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Index

71

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109

130

1 1.1 1.2 1.3 1.4

Historical outline ................................................. 11 Point of view of the teacher about visual merchandising Passion How my passion was born Windows shop in 1960s

2

The reasons of buying ........................................

24

3

The Ego .................................................................

25

4 4.1 4.2

The Multi-sensory communication .................... Five senses Islands of olfactory

26

5 5.1

Consumers ............................................................ Involvement

32

6 6.1 6.2

The Retail team..................................................... Cash hostess Visual merchandiser

35

7 7.1 7.2 7.3 7.4 7.5 7.6 7.7 7.8 7.9 7.10

The color and its meanings ................................ Influence of the colors on humans Color therapy Feelings of colors Color codes Color space Characteristics of colors Color of Reproduction Colors Effects of color Match colors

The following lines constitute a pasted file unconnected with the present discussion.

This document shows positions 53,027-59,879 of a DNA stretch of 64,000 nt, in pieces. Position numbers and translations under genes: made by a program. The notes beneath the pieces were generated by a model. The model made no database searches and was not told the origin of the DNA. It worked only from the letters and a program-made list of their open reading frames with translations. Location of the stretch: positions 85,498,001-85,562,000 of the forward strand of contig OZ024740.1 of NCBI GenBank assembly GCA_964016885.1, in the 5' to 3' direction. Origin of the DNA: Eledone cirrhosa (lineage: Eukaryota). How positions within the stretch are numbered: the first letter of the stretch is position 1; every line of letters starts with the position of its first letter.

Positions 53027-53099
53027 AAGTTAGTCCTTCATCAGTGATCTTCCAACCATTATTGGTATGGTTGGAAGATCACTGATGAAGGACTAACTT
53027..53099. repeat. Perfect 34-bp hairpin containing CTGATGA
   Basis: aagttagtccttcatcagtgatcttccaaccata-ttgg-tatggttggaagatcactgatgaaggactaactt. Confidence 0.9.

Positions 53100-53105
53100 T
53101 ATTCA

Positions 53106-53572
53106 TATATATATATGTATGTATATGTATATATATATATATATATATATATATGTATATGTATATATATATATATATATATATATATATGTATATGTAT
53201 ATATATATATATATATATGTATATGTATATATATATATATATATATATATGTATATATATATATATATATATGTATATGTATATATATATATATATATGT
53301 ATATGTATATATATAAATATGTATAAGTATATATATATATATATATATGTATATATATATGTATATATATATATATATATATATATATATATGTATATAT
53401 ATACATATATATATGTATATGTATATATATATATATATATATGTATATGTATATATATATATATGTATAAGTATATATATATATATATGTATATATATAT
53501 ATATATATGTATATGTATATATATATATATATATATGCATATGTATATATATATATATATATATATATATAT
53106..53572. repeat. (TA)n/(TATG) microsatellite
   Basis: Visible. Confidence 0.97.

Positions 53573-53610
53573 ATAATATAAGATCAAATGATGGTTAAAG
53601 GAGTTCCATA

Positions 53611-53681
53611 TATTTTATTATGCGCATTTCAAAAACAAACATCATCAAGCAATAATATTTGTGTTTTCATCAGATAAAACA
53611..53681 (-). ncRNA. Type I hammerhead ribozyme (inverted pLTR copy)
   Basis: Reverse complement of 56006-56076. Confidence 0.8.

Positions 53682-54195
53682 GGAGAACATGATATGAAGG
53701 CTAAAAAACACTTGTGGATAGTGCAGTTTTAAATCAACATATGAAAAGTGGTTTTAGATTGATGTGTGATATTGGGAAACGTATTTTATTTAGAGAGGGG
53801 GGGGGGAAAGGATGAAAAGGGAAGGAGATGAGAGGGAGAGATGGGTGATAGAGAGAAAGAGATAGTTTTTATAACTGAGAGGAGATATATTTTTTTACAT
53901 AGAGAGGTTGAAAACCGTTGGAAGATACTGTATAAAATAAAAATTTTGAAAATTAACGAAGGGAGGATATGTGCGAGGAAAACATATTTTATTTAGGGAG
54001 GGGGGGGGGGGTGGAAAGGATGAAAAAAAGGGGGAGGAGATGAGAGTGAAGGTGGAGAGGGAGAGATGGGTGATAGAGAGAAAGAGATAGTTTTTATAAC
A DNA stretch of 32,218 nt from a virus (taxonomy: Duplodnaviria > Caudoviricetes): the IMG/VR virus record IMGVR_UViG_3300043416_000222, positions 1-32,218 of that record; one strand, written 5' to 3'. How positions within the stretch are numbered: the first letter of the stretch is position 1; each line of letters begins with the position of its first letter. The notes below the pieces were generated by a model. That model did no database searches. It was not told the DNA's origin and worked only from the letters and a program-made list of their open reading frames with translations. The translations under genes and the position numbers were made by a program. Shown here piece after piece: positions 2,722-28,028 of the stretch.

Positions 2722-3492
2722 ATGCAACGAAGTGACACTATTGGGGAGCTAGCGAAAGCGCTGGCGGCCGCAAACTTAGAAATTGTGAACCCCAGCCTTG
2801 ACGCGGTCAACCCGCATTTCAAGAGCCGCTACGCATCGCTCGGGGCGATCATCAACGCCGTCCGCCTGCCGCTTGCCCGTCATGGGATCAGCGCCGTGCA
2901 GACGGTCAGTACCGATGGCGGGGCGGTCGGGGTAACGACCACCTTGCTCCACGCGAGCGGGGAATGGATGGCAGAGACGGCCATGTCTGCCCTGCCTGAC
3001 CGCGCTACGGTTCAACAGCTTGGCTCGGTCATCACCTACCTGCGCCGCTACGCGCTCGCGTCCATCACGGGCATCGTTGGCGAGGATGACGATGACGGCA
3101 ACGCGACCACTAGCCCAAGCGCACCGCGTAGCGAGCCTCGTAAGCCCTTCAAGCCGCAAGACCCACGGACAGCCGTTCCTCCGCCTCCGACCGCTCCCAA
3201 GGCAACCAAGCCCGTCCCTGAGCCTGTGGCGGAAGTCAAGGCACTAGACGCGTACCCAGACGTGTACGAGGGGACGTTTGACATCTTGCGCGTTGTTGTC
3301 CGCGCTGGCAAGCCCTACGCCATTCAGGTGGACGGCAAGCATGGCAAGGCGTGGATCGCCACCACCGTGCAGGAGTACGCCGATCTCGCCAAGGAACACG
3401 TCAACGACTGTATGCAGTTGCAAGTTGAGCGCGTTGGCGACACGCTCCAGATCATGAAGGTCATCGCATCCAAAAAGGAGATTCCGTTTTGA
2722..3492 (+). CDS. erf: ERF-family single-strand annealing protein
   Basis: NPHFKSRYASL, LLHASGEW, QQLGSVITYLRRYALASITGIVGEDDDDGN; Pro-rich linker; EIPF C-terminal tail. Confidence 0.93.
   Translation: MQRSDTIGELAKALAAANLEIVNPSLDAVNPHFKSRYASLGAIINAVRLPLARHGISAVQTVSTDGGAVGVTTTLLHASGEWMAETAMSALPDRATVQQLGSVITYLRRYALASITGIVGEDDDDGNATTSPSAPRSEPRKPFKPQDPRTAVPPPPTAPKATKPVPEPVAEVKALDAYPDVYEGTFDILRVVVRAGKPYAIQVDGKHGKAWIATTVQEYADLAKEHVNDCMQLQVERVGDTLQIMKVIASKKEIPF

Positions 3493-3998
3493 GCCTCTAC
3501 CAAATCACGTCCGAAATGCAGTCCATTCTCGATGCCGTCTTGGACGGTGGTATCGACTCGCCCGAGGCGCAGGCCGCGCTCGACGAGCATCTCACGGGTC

38

8 8.1 8.2 8.3 8.4 8.5 8.6 8.7 8.8 8.9 8.10 8.11 8.12 8.13 8.14 8.15 8.16 8.17 8.18

The window shop ................................................ 60 Structure Advantage and disadvantage Function Project of dressing composition Planning, maintenance and budget about window dressing Graphics Graphic characters Readability of texts Positivity or negativity in a window shop Rhythm Form and substance Types of window shop Behavior of an observer in front of a window shop Stands for window shop Visual tools Application of adhesives Materials and processing details Fitting-out